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We know that the Lorentz transformation is derived using the speed of light in vacuum. But if we were to use it in water, would it change since the speed of light in water should also remain constant for every observer.

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No. The speed of light is always c. And only that is constant to every observer. You use only c in Lorentz transformation. In some medium light would appear to slow down because it would jiggle electrons of atoms in that medium which would generate electromagnetic waves themselves. The combined result is a wave traveling slower in a medium. You can see it classically (waves) or quantum-mechanically (photons), but the result is the same in this case. The resultant wave moves slower and is not constant to every observer. There are experiments where light slows down to snail pace and we certainly do not observe any weird time dilation effects in this case.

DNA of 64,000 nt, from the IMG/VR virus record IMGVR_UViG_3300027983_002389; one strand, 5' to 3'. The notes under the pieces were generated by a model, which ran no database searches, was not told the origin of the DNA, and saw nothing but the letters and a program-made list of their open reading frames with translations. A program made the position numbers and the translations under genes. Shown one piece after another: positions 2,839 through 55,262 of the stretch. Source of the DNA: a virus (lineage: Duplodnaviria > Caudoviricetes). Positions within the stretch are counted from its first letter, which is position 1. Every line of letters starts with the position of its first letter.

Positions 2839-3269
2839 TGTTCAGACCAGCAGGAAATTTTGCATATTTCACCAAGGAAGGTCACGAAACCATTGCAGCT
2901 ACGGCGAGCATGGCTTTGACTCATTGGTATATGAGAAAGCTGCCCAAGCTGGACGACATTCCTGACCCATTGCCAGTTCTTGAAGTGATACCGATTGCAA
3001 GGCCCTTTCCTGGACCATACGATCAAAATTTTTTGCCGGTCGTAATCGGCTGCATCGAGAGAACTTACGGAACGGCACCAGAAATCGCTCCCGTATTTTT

I don't know if it appropriate to link a youtube video here, but the video below sheds some "light" on to the issue using only simple words (no complex equations).

http://www.youtube.com/watch?v=CiHN0ZWE5bk

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The medium (the water or whatever else) has a preferred frame, that is its frame of rest. In that medium, the speed of light is not the same for all observers and it doesn't have to be because there is a special restframe now. In vacuum there is no such preferred restframe, that being the root of the principle of relativity.

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